Scientific Breakthroughs

Research Shows Nerve Damage Repair Drugs Approved For Multiple Sclerosis Can `Wake Up’ Injured Nerves

Research Shows Nerve Damage Repair Drugs Approved For Multiple Sclerosis Can `Wake Up' Injured Nerves
PHOTOGRAPH: Radosław Drożdżewski (Zwiadowca21) | Photo shows 4-aminopyridine in the form of capsules for swallowing.

Traumatic nerve injuries resulting from car accidents, combat, sports or some other nerve-crushing injury can be torturous. The good news is that researchers from the University of Rochester Medical Center  have identified a new means of enhancing the body’s ability to repair damaged nerve cells.

The researchers, led by authors Dr. John Elfar and Mark Noble, Ph.d, with other laboratory team members, uncovered that 4-aminopyridine (4AP), a drug currently used to treat patients with the disabling disease of the central nervous system, multiple sclerosis, has the unexpected property of  improving recovery from acute nerve damage. They uncovered that daily treatment with 4AP promotes repair of myelin, the insulating material that coats nerve fibers.

Record of Firsts For An Established Drug

It is the first time 4AP’s benefit in treating acute nerve injury has been exhibited, and the first time those benefits were shown to persist after treatment stoppage. The study findings were published in EMBO Molecular Medicine.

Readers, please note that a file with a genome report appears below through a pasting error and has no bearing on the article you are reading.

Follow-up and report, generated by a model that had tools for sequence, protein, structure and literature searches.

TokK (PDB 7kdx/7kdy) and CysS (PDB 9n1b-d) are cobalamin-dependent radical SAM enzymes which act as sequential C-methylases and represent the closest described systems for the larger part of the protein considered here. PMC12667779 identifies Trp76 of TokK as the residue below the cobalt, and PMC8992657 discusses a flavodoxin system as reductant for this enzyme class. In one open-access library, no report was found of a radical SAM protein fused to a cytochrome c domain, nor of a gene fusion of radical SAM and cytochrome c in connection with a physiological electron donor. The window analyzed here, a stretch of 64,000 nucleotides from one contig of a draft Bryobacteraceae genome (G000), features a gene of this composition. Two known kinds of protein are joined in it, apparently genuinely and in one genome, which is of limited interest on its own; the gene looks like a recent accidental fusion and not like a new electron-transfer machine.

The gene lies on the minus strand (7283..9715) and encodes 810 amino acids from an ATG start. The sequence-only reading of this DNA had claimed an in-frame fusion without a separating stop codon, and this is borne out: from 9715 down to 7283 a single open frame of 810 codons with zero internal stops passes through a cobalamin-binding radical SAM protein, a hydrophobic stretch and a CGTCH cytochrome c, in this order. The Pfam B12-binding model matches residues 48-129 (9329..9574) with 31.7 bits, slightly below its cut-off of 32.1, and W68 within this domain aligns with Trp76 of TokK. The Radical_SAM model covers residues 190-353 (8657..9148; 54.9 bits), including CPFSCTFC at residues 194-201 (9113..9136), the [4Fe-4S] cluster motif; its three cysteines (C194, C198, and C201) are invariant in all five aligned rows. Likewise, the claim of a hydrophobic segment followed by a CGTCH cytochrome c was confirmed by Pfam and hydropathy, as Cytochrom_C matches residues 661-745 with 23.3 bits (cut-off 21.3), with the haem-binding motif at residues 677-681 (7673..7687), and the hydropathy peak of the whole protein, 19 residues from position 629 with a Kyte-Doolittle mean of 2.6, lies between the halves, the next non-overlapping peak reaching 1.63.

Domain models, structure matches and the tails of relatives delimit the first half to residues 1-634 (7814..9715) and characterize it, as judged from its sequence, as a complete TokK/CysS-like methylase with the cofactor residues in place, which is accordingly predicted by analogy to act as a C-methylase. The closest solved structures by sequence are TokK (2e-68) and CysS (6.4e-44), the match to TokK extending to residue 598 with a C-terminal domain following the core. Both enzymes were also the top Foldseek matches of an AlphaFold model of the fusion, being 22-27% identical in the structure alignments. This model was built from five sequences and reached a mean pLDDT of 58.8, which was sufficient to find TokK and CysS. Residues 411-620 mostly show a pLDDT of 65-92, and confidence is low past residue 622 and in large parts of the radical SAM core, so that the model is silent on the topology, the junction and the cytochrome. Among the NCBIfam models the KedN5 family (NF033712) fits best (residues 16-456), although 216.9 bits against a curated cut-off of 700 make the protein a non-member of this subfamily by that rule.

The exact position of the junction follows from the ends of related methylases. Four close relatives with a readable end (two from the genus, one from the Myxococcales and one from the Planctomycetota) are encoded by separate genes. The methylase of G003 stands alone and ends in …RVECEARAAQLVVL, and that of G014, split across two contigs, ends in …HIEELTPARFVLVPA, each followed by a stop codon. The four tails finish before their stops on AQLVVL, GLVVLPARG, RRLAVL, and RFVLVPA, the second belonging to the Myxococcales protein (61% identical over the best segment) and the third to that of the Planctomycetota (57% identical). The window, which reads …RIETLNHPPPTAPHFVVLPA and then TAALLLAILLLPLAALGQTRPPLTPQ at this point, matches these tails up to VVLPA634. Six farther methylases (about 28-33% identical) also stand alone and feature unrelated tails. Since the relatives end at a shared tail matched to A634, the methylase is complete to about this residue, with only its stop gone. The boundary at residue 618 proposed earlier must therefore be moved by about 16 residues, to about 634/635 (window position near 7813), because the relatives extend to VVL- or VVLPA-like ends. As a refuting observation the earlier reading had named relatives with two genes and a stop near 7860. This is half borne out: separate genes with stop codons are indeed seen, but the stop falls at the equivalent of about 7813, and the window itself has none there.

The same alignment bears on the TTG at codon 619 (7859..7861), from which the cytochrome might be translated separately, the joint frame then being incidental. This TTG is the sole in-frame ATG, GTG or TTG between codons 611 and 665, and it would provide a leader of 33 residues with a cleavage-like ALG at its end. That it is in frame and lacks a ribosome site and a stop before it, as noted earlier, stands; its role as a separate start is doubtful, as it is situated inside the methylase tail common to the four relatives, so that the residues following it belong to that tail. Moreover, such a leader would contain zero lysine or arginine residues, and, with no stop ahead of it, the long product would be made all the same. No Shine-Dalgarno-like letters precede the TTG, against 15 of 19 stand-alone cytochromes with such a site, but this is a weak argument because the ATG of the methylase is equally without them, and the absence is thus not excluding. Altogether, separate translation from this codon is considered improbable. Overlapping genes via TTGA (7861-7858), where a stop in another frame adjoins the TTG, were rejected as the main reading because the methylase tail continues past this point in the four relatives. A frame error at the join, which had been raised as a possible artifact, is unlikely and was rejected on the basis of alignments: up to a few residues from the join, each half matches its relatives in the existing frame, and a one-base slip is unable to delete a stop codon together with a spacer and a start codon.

The drug has been studied for over 30 years for its ability to treat chronic diseases. Trial proposals have  been approved by the FDA.

Among those who stand to benefit from the drug therapy are traumatically injured combat soldiers.  The study has therefore drawn the attention of the military — the Department of Defense granted $1 million to carry on with the research for three years.

An Alternative to Conventional Treatment

Penetrating trauma to the nerves may cause immediate loss of functioning, in terms of muscle and sensation, and do not return unless surgically repaired.  For traumatic peripheral nerve injury, the current standard care is watchful waiting to ascertain whether a nerve has the ability to spontaneously recover, or if it will require surgery.

The research conducted by Dr. Elfar and Noble, along with Kuang-Ching Tseng, Ph.D., former graduate student in the University of Rochester Medical Center’s  Center for Musculoskeletal Research and first author of the study, showed an interesting finding. Treating mice with a single dose of 4AP one day after nerve crush injury improved muscle function within an hour.

Further studies are required to determine effectivity on humans. The researchers are quite optimistic the new benefits discovered can be explored quickly, offering a more cost-effective solution vis-a-vis development of  an entirely new drug.

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